When I was a child my father wanted us to grow up with a dog. He hatched his plan when I was four years old by bringing home a shiny black puppy someone had given him. We named him Dip. Needless to say Dip was a puppy and puppies love to play. Dog fear was in full force with my sister and I as Dip’s antics caused us to sit on the back of the sofa all day. Dip would run and we would sit on top of the sofa knowing he was too small to follow. That plan failed so Dip found a new owner. My dad never gave up. Years later my dad announced the plan that it was time to get another dog. At that time, Spiegel catalog had a section in the rear where one could actually order a dog. We had a family meeting so we could all have a say in the type of dog. My brother had the idea of a St Bernard and went so far as to tell my dad that they could be trained to use a toilet. My sister and I had seen the Wizard of Oz so naturally we wanted the dog that resembled Toto, a Cairn terrier. We all agreed on a little Pekingese, a little dog of Chinese ancestry. We named him Fuyoing VI but called him Nate. The catalog allowed one to select the breed and sex but not the color. On the day that Nate arrived by train, we were met by a small black fluff of dog in a chip bed crate. Our fear of dog dissapeared and dad’s plan had worked.
There are few places unconditional love exists and human/dog interactions is one. Our dogs depend on us to provide love and care and in return provide us with devoted companionship that lasts all too short. Every dog lover will admit that a dog’s life is just too short and we usually outlive them. That is a small price to pay for such intense admiration and love on both sides.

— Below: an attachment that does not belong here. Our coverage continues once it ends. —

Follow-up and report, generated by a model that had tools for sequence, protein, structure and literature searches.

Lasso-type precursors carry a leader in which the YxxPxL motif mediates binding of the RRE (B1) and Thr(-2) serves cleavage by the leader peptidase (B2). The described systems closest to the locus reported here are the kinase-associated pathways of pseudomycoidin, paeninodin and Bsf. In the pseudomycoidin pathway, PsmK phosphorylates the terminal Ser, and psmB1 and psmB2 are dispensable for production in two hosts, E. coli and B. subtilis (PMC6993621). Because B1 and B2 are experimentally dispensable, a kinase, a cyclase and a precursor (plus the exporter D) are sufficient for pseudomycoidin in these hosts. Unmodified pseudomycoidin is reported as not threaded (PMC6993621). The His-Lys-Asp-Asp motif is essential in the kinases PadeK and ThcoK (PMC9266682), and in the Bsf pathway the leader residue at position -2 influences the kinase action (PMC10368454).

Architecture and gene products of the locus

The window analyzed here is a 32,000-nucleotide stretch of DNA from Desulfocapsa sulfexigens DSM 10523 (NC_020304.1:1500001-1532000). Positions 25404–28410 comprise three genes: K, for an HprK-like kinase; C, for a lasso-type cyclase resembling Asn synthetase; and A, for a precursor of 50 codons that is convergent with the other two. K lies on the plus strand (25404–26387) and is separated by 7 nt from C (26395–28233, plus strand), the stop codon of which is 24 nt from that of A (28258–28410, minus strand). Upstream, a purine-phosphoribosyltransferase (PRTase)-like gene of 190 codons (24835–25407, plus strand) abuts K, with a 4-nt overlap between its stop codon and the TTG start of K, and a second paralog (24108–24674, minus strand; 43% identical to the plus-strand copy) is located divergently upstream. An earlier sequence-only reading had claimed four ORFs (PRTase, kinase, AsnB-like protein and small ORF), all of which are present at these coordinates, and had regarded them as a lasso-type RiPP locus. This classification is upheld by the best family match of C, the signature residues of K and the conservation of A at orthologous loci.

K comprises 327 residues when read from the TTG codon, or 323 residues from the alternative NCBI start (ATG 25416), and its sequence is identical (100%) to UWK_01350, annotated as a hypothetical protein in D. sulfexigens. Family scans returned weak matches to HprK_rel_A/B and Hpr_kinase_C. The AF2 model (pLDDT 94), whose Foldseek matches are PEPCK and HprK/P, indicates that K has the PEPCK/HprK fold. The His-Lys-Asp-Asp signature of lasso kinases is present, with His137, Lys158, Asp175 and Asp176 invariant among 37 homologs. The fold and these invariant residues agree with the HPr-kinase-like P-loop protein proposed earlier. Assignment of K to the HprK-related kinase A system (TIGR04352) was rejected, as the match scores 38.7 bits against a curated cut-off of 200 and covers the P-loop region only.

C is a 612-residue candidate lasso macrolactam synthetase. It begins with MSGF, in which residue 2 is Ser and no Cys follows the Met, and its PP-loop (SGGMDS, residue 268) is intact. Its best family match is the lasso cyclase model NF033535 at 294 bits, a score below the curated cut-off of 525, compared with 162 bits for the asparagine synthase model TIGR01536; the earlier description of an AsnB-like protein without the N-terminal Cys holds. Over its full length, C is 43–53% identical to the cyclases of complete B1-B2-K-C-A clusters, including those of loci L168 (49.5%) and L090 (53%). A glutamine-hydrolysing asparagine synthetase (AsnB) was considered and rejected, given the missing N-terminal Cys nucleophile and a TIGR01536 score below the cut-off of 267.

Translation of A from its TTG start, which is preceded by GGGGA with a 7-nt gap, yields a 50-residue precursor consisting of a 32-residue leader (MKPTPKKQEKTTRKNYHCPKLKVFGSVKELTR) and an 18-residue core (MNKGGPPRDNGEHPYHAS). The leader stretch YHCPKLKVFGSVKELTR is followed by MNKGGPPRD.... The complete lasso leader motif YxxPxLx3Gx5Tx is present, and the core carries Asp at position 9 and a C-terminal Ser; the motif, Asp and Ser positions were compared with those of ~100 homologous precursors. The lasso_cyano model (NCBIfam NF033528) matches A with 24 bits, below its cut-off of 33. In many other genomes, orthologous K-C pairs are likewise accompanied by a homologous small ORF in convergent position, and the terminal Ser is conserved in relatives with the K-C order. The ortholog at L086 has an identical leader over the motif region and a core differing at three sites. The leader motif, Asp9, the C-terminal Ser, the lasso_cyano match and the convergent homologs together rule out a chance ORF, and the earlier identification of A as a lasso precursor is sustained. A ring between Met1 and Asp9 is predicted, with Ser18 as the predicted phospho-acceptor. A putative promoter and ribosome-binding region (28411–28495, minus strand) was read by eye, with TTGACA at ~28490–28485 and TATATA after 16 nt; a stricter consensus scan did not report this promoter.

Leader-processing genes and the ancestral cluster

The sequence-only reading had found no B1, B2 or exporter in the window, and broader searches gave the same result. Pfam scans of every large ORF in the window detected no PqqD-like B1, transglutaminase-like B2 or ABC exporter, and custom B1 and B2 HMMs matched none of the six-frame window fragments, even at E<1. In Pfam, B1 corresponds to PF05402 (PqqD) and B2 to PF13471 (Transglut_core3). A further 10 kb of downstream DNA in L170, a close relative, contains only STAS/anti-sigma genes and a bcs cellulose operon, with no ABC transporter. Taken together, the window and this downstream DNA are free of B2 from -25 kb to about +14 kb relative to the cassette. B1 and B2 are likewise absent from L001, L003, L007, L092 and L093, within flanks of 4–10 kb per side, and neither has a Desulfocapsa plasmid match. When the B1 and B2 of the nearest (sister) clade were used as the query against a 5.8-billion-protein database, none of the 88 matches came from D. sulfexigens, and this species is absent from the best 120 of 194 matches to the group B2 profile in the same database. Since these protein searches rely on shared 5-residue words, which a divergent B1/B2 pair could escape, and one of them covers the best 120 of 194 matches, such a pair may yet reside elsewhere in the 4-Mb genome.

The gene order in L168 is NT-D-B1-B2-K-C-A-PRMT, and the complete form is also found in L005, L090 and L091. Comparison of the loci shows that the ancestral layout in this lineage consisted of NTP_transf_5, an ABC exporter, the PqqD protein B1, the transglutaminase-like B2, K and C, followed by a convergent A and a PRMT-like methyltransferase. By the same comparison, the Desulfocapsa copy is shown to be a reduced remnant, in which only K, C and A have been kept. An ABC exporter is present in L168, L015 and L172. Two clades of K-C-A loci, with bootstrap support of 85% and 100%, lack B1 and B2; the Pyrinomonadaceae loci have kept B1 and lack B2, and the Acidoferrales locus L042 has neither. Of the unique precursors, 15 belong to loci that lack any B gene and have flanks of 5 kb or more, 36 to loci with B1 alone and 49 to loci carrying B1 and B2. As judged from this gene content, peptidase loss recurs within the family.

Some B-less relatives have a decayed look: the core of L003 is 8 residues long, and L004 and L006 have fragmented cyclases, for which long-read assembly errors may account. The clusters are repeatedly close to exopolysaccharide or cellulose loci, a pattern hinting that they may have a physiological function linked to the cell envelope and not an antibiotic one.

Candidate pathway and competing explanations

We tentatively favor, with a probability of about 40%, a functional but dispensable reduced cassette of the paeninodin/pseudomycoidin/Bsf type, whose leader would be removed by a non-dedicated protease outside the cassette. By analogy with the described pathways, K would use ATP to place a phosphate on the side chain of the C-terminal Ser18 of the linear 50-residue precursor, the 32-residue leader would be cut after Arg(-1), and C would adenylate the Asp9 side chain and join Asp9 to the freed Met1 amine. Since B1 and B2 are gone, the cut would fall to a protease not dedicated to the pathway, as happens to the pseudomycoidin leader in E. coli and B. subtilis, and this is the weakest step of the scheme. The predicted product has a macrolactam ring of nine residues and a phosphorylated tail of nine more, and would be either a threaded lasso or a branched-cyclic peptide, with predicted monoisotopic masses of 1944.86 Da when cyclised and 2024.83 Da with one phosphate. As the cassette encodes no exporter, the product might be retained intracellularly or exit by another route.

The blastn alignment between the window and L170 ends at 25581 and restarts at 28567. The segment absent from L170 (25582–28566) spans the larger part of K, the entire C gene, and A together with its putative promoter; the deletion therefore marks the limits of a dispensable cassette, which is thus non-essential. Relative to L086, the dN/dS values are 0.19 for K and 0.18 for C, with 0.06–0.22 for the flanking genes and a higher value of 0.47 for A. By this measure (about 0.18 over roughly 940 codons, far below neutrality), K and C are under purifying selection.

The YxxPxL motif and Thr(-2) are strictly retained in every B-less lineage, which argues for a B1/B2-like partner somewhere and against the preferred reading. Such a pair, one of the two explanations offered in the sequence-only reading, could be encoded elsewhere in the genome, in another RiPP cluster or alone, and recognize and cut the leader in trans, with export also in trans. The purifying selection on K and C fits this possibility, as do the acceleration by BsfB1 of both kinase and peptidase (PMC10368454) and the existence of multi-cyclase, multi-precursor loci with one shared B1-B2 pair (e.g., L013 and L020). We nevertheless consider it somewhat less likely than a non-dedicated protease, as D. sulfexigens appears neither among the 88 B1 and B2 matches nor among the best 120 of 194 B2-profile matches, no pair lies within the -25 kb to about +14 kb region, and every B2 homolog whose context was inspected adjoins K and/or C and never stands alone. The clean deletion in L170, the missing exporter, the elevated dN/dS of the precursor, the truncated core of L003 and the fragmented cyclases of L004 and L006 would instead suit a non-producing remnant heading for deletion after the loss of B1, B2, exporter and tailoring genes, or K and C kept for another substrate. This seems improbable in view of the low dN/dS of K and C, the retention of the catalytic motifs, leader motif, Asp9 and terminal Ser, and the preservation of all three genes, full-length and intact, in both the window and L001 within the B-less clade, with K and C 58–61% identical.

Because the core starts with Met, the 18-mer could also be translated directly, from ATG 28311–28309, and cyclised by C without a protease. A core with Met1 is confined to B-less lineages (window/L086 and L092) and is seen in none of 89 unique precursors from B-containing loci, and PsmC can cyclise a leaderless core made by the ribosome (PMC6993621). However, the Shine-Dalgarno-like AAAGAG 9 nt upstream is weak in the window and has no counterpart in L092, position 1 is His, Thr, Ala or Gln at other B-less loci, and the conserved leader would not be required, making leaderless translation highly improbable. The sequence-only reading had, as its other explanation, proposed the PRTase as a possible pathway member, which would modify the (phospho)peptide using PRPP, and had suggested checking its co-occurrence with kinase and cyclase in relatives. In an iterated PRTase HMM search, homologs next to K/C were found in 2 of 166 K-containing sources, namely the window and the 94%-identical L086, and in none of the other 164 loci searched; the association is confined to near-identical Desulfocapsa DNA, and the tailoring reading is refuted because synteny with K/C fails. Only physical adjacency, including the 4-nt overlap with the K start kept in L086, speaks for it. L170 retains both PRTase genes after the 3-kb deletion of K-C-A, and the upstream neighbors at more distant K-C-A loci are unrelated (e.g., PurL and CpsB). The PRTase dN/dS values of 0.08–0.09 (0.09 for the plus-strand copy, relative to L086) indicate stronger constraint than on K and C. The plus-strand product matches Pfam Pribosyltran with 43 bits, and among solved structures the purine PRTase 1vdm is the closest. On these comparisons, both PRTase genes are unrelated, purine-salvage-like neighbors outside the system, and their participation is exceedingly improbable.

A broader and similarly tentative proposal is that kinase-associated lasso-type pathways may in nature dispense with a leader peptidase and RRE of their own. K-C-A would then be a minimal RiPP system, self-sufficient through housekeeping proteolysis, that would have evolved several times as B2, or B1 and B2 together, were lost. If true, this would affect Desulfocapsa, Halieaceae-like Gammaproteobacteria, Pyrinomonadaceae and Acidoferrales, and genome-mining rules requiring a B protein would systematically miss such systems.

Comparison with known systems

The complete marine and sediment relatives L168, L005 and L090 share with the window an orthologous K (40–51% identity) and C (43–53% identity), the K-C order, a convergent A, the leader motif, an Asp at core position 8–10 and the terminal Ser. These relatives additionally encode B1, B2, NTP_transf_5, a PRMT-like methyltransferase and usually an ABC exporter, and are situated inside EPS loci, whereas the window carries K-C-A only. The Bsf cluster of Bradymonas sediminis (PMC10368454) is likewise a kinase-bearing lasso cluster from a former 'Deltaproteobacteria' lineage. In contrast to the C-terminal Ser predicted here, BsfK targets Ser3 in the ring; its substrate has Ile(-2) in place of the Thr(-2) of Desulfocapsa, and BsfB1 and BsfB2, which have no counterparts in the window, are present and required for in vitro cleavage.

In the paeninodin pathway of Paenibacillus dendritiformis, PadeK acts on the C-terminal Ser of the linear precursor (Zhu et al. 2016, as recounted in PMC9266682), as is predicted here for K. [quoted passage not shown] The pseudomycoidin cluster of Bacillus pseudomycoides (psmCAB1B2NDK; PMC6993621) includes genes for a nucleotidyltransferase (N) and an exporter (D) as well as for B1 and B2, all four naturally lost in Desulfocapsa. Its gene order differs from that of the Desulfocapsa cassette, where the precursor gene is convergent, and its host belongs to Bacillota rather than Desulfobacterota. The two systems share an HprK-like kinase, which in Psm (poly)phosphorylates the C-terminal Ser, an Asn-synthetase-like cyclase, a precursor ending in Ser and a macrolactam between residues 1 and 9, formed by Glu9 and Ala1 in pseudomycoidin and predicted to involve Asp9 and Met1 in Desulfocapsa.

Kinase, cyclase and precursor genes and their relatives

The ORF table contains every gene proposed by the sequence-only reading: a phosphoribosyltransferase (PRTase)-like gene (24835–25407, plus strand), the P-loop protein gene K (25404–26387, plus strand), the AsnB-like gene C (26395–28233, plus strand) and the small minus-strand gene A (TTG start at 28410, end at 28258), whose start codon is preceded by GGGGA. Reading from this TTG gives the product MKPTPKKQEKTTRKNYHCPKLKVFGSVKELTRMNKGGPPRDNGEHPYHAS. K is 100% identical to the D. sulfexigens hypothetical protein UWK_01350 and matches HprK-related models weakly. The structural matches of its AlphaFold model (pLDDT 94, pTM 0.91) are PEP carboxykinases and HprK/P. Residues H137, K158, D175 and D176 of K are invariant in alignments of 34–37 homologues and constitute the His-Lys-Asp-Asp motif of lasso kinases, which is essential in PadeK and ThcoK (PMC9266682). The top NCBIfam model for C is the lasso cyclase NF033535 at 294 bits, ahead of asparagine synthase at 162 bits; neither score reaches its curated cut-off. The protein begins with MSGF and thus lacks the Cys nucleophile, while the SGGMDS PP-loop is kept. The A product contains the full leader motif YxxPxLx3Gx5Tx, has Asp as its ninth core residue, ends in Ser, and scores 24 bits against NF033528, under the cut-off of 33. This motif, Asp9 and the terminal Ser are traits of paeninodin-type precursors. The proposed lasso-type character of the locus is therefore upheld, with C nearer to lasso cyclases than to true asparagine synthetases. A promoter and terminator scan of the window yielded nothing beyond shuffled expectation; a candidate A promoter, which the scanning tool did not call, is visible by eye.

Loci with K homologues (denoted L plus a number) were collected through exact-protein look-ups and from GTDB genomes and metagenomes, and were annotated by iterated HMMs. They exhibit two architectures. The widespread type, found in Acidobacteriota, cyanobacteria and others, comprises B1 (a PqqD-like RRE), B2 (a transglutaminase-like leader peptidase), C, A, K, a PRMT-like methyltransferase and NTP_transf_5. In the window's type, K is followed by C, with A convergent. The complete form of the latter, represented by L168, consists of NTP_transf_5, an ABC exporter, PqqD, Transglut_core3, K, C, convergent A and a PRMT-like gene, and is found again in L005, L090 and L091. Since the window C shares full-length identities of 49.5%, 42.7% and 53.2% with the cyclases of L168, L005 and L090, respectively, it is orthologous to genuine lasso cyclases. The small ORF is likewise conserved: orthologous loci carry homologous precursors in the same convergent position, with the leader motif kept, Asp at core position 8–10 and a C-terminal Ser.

I am proud to say I am owned by two pugs Mavis and Potus. As I have lived with them we have developed a mutual language we both understand. They have learned my emotions and I theirs. We know what makes each other happy. Nothing brings me greater joy when Potus serves as my alarm clock and his face is one of the first I see. I have never seen a being so excited for the day to begin than a dog.
We dog owners can be a particular lot and many of us feel as much love for our dogs as a parent feels for a child. We purchase coats, sweaters, toys and other paraphenalia to make not our dog’s happy but to make us happy. We give our dog’s birthday parties, celebrate holidays and even take them to doggy spas. There is no limit to what some dog owners will do. I tend to think that they care not for all of that fanfare but they sure look cute in those little sweaters. For those folks who often say “they are dogs, not children,” you are correct, they are not children and for that I am grateful.